Gravel under concrete 6

If you don't put a gravel base under concrete, you may encounter several issues that can affect the long-term stability, durability, and performance of your concrete structure.

Some potential problems you can have when pouring concrete directly on existing soil include:

  1. Poor drainage: Without a gravel layer to facilitate drainage, water can accumulate beneath the concrete, leading to problems such as soil erosion, pooling water, and increased hydrostatic pressure. This can weaken the concrete over time and increase the likelihood of cracking or damage.
  2. Increased risk of frost heave: In areas prone to freeze-thaw cycles, the absence of gravel under concrete increases the risk of frost heave. As water in the soil freezes and expands, it can cause the ground to shift, which may lead to cracks or other damage to the concrete.
  3. Bad soil compaction: Gravel provides a stable, compacted base that helps to distribute the weight of the concrete and any loads placed upon it. Without a gravel base, the concrete may be more susceptible to uneven settling or sinking, as the soil beneath it may not be able to support the weight uniformly. This can result in uneven surfaces, cracks, or structural issues.
  4. Reduced load-bearing capacity: The absence of a properly compacted gravel base can reduce the overall load-bearing capacity of the concrete. This may be particularly problematic for driveways, garages, or other areas that need to support heavy loads or vehicles.
  5. Soil movement and expansion: Some types of soil, such as clay, can expand or contract with changes in moisture content. Without a gravel base to provide a buffer between the soil and the concrete, these movements can cause the concrete to shift, leading to cracks or other structural issues.

Can you pour concrete directly on the ground without gravel?

clay soil with moisture barrier

You can pour concrete directly on the ground without gravel, but it is not recommended. Concrete poured on bare soil is more likely to crack, sink, or shift due to poor support, drainage, and moisture problems. Gravel provides a better foundation for your concrete slab and extends its lifespan.

Should I use gravel or sand under a concrete slab?

Gravel under concrete with Portland cement

The choice between using gravel or sand as solid base materials under a concrete slab depends on factors such as the specific requirements of your project, local soil conditions, and the availability of materials. Both gravel and sand have their own benefits and drawbacks.

Let's discuss each option:

  1. Gravel: Gravel is a popular choice for a sub-base under concrete slabs due to its excellent drainage capabilities, load-bearing capacity, and ease of compaction. The angular crushed stones interlock well, creating a stable foundation that resists shifting over time. Gravel is also less susceptible to frost heave in colder climates, making it a suitable choice in areas prone to freeze-thaw cycles.


  • Good drainage
  • Load-bearing capacity
  • Stable and compactable


  • Can be more expensive than sand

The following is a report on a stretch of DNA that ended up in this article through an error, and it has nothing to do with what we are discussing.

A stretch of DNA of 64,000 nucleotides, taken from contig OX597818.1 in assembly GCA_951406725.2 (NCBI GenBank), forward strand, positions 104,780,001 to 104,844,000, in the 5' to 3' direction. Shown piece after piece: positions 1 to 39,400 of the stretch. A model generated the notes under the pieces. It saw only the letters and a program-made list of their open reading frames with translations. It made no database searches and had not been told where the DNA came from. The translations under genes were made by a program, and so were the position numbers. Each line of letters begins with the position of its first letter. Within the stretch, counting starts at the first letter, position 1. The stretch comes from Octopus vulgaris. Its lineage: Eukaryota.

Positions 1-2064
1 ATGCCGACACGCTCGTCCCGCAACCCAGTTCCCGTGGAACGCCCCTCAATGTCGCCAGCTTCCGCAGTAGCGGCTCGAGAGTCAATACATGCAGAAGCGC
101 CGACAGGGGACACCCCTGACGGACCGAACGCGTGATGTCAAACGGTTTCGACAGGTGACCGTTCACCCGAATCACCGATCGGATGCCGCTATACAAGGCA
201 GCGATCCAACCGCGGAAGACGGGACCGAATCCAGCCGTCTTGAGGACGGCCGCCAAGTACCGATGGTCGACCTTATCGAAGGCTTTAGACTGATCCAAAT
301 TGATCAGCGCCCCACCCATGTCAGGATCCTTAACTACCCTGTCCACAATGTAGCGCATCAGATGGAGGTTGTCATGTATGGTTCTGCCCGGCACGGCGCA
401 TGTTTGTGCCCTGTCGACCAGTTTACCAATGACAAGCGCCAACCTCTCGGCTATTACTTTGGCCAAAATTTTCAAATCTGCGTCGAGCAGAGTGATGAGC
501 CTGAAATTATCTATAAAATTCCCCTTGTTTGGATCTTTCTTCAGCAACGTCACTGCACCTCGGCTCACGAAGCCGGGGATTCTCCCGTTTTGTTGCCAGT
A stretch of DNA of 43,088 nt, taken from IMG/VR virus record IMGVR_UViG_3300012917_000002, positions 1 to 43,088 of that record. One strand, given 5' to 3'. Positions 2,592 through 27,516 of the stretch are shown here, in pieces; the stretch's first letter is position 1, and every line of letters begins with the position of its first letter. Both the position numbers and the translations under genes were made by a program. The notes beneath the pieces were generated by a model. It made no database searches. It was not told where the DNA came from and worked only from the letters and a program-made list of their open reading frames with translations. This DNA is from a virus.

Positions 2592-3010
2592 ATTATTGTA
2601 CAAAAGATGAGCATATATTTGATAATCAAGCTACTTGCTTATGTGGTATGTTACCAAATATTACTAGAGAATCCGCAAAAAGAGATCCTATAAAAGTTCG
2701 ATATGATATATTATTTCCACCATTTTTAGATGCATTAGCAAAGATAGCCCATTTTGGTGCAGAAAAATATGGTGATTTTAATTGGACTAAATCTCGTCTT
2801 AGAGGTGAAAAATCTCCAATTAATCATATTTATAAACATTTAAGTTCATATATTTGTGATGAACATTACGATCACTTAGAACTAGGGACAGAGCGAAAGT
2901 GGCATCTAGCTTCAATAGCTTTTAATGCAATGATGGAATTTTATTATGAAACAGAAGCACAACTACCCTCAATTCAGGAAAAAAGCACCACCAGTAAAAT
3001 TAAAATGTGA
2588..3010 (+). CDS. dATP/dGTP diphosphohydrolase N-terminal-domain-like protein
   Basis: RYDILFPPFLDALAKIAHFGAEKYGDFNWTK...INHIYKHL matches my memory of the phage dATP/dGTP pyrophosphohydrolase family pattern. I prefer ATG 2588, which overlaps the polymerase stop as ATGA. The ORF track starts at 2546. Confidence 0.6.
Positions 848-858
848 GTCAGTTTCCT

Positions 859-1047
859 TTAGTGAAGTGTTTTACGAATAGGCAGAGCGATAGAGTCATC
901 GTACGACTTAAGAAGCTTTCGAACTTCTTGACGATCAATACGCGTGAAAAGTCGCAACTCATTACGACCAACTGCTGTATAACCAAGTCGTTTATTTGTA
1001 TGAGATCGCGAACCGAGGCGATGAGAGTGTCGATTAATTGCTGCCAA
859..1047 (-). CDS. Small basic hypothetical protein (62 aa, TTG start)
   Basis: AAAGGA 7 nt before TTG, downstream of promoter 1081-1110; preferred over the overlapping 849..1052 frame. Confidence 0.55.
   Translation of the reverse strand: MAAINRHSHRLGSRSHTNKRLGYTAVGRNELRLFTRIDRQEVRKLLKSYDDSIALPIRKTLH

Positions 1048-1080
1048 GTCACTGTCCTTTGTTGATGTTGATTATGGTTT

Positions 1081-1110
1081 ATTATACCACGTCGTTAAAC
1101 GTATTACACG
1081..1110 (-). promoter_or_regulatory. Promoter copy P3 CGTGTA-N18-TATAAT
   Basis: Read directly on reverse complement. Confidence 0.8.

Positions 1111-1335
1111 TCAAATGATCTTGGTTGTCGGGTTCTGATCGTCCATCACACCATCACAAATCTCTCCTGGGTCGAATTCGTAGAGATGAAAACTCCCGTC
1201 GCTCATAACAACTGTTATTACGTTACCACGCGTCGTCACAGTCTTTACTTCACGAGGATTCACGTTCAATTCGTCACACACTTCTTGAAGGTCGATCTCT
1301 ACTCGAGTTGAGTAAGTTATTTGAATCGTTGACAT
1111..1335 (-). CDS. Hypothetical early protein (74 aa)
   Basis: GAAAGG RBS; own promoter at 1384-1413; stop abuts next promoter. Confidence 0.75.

• Requires proper grading and leveling

2. Sand: Sand can also be used as a sub-base under concrete slabs, but it is typically not as popular as gravel. Sand is easily compacted (if it's moist), but it doesn't provide the same level of drainage as gravel, which could lead to issues in wet environments or areas prone to flooding.

However, sand can be useful in situations where a more flexible sub-base is needed, such as when the concrete slab is subject to ground movement or when the soil is expansive solid clay.


  • Easy to rake, level, and compact (if it's moist)
  • Can be more flexible than gravel


  • Poor drainage compared to gravel
  • Can be susceptible to washout or erosion
  • Doesn't compact well when it's dry

Overall, gravel is generally the preferred choice for a sub-base under a concrete slab and most driveways, due to its superior drainage, load-bearing capacity, and stability.

However, sand may be suitable in specific situations where flexibility is desired or when working with expansive soils. It's essential to consult with local concrete contractors or engineers to determine the best sub-base material for your project based on your site conditions and requirements.

in conclusion:

The importance of gravel under concrete cannot be overstated. Gravel serves as a vital element in the construction process, providing essential drainage, stability, and protection against factors such as frost heave and soil movement.

Choosing the right type of gravel—be it 3/4" crushed gravel, 1" minus, or another suitable option—is key to the performance and longevity of your concrete patio, slab, or driveway. How you install the gravel also matters, with thorough excavation, compaction, and leveling being integral steps.

While sand can be used in certain scenarios, gravel generally provides superior load-bearing capacity and drainage. Whether you're a DIY enthusiast or a homeowner seeking professional services, understanding the role of gravel in concrete work is crucial to achieving a durable, stable, and long-lasting concrete project.